UBS's YES Was Not Same Iron Condor Product as at Credit Suisse
Monthly returns from the Credit Suisse and UBS time periods - including for subperiods of similar characteristics UBS blames for the 2018 losses - show these two programs were very different and that UBS's program was much riskier and had much more directionality than the Credit Suisse program. We find market conditions in 2018 when YES lost 18.44% were much less dramatic than in 2008 when Credit Suisse lost only 2.42%
UBS's Yield Enhancement Strategy ("YES") Returns - and then the Losses - Were Caused by Equity Market Exposure
UBS marketed YES as market-neutral based on a combination of four options is sometimes referred to as an "Iron Condor". UBS accounts subjected to YES treatment suffered losses of 12% to 14% in December 2018 when the S&P 500 dropped 9.2% because the overlay was more than 100%
In this paper the authors we explain the option basics necessary to understand the YES strategy and illustrate how UBS actually implemented the strategy with predictably disastrous results. They also present how UBS described the strategy in its marketing materials.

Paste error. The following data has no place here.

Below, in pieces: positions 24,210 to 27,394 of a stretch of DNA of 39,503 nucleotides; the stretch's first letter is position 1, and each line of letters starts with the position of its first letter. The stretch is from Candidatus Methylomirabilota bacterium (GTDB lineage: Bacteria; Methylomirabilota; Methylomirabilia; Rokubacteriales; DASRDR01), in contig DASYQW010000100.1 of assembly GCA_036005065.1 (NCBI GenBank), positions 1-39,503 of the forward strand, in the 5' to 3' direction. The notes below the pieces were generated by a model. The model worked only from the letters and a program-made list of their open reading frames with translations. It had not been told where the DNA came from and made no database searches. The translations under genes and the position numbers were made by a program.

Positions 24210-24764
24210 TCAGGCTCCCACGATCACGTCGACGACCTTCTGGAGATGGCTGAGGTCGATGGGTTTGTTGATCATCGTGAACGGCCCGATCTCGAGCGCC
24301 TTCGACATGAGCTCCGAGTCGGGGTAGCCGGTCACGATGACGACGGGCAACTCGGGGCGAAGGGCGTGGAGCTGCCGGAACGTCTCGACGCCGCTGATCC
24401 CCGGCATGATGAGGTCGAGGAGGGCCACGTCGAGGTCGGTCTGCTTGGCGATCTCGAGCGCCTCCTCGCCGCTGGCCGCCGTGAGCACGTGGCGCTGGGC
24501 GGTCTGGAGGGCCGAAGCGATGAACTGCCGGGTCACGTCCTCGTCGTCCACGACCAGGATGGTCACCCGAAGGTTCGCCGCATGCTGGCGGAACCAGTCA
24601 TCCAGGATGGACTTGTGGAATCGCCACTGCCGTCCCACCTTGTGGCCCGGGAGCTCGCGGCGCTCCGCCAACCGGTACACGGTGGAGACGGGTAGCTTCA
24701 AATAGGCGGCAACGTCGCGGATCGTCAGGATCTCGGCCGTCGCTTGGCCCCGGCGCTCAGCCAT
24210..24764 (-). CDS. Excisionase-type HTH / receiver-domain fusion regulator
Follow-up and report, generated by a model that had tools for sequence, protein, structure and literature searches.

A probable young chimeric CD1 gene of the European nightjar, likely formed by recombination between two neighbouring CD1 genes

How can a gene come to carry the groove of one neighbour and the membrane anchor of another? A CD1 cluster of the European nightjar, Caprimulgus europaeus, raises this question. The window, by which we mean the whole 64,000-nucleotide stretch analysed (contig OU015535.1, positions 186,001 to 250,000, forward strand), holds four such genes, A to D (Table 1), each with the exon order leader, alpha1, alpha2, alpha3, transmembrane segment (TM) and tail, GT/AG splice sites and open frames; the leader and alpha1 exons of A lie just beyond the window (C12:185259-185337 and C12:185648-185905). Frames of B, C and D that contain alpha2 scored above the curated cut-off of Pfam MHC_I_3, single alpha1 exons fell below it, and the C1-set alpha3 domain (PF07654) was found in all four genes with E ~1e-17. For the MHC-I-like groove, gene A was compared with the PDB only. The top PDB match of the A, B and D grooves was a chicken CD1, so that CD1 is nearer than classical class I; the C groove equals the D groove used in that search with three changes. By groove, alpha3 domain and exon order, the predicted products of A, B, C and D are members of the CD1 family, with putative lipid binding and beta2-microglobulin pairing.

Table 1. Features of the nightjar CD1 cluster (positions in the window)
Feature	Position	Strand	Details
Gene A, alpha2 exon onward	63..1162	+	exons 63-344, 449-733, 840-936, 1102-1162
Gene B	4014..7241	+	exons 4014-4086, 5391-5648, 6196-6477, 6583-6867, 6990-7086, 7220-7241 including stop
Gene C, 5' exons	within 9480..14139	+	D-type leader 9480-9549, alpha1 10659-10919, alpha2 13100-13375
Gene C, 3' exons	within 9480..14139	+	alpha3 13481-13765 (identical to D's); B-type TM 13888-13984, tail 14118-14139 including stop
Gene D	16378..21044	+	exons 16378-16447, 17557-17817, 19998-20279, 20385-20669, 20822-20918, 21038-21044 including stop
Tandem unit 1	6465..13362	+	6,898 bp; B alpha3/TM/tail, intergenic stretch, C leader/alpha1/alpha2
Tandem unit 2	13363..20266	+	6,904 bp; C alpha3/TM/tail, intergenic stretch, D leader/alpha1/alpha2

Puerto Rico Securities Arbitration Settlements and Awards Likely to Exceed $1.25 Billion (Updated May 15, 2019)
SLCG releases its updated Puerto Rico Securities Arbitration Report showing over $600 million paid out so far in settlements and awards with a similar amount likely to be paid out in coming years as a result of brokerage firm customers losses in Puerto Rico.
Reporte de Arbitrajes de Valores en Puerto Rico: entre Acuerdos Transaccionales y Laudos Arbitrales seguramente se excederá de $1.25 billon (15 de may de 2019)
SLCG publica su Informe de Arbitraje de Valores de Puerto Rico actualizado que muestra más de $600 millones pagados hasta el momento en acuerdos y adjudicaciones con una cantidad similar que probablemente se pagará en los próximos años como resultado de las pérdidas de clientes de la firma de corretaje en Puerto Rico.
Puerto Rico Securities Arbitration Settlements and Awards Sure to Exceed $1 Billion (Updated November 15, 2018)
In 2013, a shrinking economy and the government's loss of continued access to capital markets necessary to make interest payments, refinance principal coming due and to fund an unsustainable government deficit caused Puerto Rico tax exempt bond prices to fall substantially.